1745 was a bad year in London. Bonnie Prince Charlie and his band of lawless resolutes had come as near to London as Derby. There they had been defeated in battle, but it was still uncomfortably close for the Hanoverian court and its adherents, not least Mr Handel himself, now aged 60 and in receipt of a pension from the court, a pension he badly needed after a disastrous season for his oratorio productions. The monarchy of George II was perhaps not obviously inspiring, but the general feeling seems to have been that those who were not against it might as well be with it. Dormant patriotism now stirred in some unlikely bosoms, including that of Gluck at the Haymarket Theatre who turned out his pretentious La Caduta de' Giganti, which seems to have aroused as little enthusiasm even then as it does now. Handel, already at work with Morell as librettist on Judas Maccabaeus, diverted his efforts on to something more obviously related to the mood of the time, and by early 1746 was already rehearsing The Occasional Oratorio.
There is no story to the Occasional Oratorio, and the singers are not cast as characters. It is really an extended cantata, nearly two and a half hours of it. It is all in honour of the expected or hoped-for victory of the Hanoverian army under the command of the King's youngest son William Augustus Duke of Cumberland, `Butcher Cumberland' himself, now well on his way to his final routing of Prince Charles Edward and the Jacobites at Culloden near Inverness. To this day the name `Jacobite' is a badge of nostalgic pride in the region, but the names of the towns Fort William, Fort Augustus and Fort George reflect more accurately the way things turned out. The libretto was excoriated by the splenetic Charles Jennens, Handel's collaborator on Messiah, Saul and some other oratorios, and may or may not have been the work of one Hamilton Newburgh, but for my own part I can't find much wrong with it. Handel is well equal to any challenge there may have been in providing variety and contrast, and I find the music absolutely splendid throughout, and sometimes absolutely sublime. The level of borrowing, recycling and adaptation is higher than usual, but I can't see why that should be a special issue in Handel considering that such a hallmarked official masterpiece as Bach's B minor Mass is made up of reused material from beginning to end. That was just the way things were done at that time, and rightly so in my own view. Robert King gives details of the transfers from elsewhere, all of which are familiar to me except those from Comus, and he rightly highlights the extensive quarrying Handel did in Israel in Egypt for his third act here. For all the great music it contains, I would call Israel in Egypt a thoroughly unsatisfactory composition, and it is an especial pleasure to welcome back a handful of superlative numbers in the more coherent and intelligible context of The Occasional Oratorio.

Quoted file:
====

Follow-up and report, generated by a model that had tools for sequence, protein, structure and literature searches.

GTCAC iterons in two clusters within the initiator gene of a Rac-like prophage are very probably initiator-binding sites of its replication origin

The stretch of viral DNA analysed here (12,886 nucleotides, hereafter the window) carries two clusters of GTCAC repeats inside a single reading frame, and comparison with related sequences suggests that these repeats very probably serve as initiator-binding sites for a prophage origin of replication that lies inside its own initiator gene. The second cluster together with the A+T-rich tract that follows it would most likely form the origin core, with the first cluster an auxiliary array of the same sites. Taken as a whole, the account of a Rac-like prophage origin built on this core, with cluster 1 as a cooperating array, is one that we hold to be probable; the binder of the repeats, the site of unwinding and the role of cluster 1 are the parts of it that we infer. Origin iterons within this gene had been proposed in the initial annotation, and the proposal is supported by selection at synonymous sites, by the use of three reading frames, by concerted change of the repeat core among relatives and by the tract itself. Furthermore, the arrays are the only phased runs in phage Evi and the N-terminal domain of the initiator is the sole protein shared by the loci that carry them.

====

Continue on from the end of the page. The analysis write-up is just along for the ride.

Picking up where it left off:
This is of course a performance in the `authentic' manner. The authentic practitioners have relaxed a good deal since their self-conscious and rather self-assertive early days. King is not afraid to take a slowish tempo where proper expression seems to require it, and the forces deployed are comparatively large, as indeed they had better be for at least two of the numbers borrowed from Israel in Egypt, namely the hailstone chorus and the chorus that now follows the opening `symphony' (2 movements from the op6 concertos) in the third act. There were apparently only three soloists in the first performances, but King very sensibly has five. The extensive soprano work is divided between Susan Gritton and Lisa Milne, and a few lower-lying items are given to the counter-tenor James Bowman, so we are in safe hands there. All of these are excellent, but my own special prizes go to the tenor John Mark Ainsley and above all to the bass Michael George whose magnificent timbre does justice and more to what is perhaps the ultimate gem of the work the aria with chorus To God Our Strength in Act II. You would be astonished if I had anything but the highest praise to offer the King's Consort, its choir and choristers, and the choir of New College Oxford, and I have no surprises for you in that respect either.
As usual, Robert King provides his own liner-note, a helpful and readable sketch of the historical background plus an endearingly enthusiastic commentary on the music in a slightly `ooh-ah' vein. I must say my eyebrows shot up several inches when he describes Zadok the Priest, the music of which Handel, with breathtaking chutzpah, adapts for his final chorus, as `Handel's most famous chorus of all' - what on earth has happened to the Hallelujah? - but this is neither here nor there, particularly when the chorus is as well done as it is. The recording, from 2004, is absolutely first-rate too, and the whole experience is one for repeated, and not occasional, listening. Any performance of The Occasional Oratorio is an occasion indeed, and it has been a privilege to have lived into the era of Handel's revival that makes such occasions possible.